The California Building – San Diego Museum of Man

Located on the traditional homeland of the Kumeyaay Nation in the heart of Balboa Park, the California Building–home to the San Diego Museum of Man–was constructed for the 1915 Panama-California Exposition, which commemorated the opening of the Panama Canal and transformed San Diego into the major city it is today. Notable for its iconic Tower, the California Building has welcomed visitors to Balboa Park for over 100 years and has become a San Diego landmark.

The California Building was designed by noted architect Bertram Goodhue as a design hybrid, blending Plateresque, Baroque, Churrigueresque, and Rococo details to present a unique Spanish-Colonial façade with inspiration from Spanish churches in Mexico. The building is included in the National Register of Historic Places as part of the California Quadrangle, the complex made up of the California Building and the Mission-style building it connects with across the plaza, which houses the St. Francis Chapel.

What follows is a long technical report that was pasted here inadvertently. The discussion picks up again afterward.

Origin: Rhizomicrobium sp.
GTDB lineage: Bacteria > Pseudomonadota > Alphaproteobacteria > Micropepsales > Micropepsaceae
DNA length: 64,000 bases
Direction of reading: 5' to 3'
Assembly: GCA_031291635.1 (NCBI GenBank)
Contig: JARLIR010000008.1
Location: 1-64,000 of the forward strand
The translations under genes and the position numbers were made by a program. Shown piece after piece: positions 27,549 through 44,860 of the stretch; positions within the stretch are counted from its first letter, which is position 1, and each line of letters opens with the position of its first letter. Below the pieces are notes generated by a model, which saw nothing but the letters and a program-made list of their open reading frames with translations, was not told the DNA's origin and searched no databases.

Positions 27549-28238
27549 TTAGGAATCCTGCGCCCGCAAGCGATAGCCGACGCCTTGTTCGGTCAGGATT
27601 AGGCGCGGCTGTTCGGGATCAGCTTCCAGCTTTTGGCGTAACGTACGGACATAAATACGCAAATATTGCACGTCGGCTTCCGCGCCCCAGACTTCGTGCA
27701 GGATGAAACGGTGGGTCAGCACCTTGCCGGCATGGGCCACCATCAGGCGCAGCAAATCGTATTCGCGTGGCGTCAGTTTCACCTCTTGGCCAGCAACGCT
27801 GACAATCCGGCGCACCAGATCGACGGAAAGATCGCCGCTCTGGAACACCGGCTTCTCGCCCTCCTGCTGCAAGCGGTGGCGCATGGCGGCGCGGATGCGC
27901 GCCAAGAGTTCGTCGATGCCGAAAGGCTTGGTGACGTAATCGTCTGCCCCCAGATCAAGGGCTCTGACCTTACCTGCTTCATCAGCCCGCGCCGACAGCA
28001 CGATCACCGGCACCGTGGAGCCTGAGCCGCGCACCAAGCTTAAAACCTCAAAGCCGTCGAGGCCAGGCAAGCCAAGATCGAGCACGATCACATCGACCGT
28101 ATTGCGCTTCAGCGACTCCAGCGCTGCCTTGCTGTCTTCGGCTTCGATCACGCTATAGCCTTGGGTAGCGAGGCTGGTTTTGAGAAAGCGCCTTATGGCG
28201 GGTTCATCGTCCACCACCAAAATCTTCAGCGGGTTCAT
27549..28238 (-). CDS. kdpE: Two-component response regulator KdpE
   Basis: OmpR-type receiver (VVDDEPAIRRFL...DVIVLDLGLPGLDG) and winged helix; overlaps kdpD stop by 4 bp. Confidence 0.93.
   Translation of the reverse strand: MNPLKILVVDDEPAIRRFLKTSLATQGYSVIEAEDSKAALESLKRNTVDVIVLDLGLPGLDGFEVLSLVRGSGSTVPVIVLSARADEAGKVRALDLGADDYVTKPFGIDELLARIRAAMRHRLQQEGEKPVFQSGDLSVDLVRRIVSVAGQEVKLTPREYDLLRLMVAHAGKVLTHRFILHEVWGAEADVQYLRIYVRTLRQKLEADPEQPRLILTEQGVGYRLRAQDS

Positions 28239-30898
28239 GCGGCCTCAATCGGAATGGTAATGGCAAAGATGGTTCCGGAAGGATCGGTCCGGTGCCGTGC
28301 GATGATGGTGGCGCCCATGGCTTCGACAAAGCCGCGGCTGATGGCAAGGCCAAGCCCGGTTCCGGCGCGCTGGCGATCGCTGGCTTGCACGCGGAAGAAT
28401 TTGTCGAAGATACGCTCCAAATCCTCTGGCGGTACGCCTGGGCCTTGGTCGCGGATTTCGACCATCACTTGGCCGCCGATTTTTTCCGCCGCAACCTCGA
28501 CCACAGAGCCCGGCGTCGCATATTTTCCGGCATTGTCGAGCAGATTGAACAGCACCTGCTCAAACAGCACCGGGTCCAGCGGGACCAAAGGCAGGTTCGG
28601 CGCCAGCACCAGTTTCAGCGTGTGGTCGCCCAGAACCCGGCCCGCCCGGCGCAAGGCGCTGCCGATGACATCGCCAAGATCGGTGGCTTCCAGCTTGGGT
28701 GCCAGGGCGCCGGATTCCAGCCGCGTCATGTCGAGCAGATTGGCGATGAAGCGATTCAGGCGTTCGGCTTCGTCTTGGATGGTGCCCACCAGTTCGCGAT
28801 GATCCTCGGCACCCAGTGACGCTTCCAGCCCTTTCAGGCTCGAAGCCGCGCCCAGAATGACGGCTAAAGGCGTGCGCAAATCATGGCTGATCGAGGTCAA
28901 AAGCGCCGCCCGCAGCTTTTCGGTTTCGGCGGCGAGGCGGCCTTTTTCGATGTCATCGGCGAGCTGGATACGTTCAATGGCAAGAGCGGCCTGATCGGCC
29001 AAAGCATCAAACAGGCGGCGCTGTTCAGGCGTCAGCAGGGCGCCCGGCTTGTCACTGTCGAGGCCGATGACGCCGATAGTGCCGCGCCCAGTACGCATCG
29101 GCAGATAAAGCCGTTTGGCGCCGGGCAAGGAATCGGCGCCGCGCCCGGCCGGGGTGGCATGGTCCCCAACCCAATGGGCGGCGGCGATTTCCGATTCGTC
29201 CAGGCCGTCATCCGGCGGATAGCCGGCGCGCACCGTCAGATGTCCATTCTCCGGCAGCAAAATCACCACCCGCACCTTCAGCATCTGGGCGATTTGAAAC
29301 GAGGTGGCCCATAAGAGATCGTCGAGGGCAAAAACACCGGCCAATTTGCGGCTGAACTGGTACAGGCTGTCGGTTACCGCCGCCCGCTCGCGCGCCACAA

At the time of construction, the men depicted on the building’s façade were celebrated for their influence and impact in the shaping of California. Today, we recognize these men participated in the colonization of California that resulted in genocide and the forced assimilation of Indigenous communities across California. Through all of this, Indigenous peoples stayed resilient and maintained their cultural vitality, traditional lifeways, and spirituality into present-day California.

The San Diego Museum of Man is a contemporary cultural anthropology museum that stewards cultural resources from global populations, both Indigenous and non-Indigenous. The Museum emerged from the 1915 Exposition’s anthropological exhibit, The Story of Man through the Ages, and explores the human experience from multicultural perspectives to spark dialogue, self-reflection, and human connections.

Also part of the San Diego Museum of Man’s footprint is the Irving Gill Administration Building constructed in 1911. This building was the first structure in Balboa Park, serving as the planning headquarters for the entire Panama-California Exposition. Today it houses the offices for SDMoM staff. The City of San Diego owns the San Diego Museum of Man buildings and recently began work on facility improvements, including the California Tower.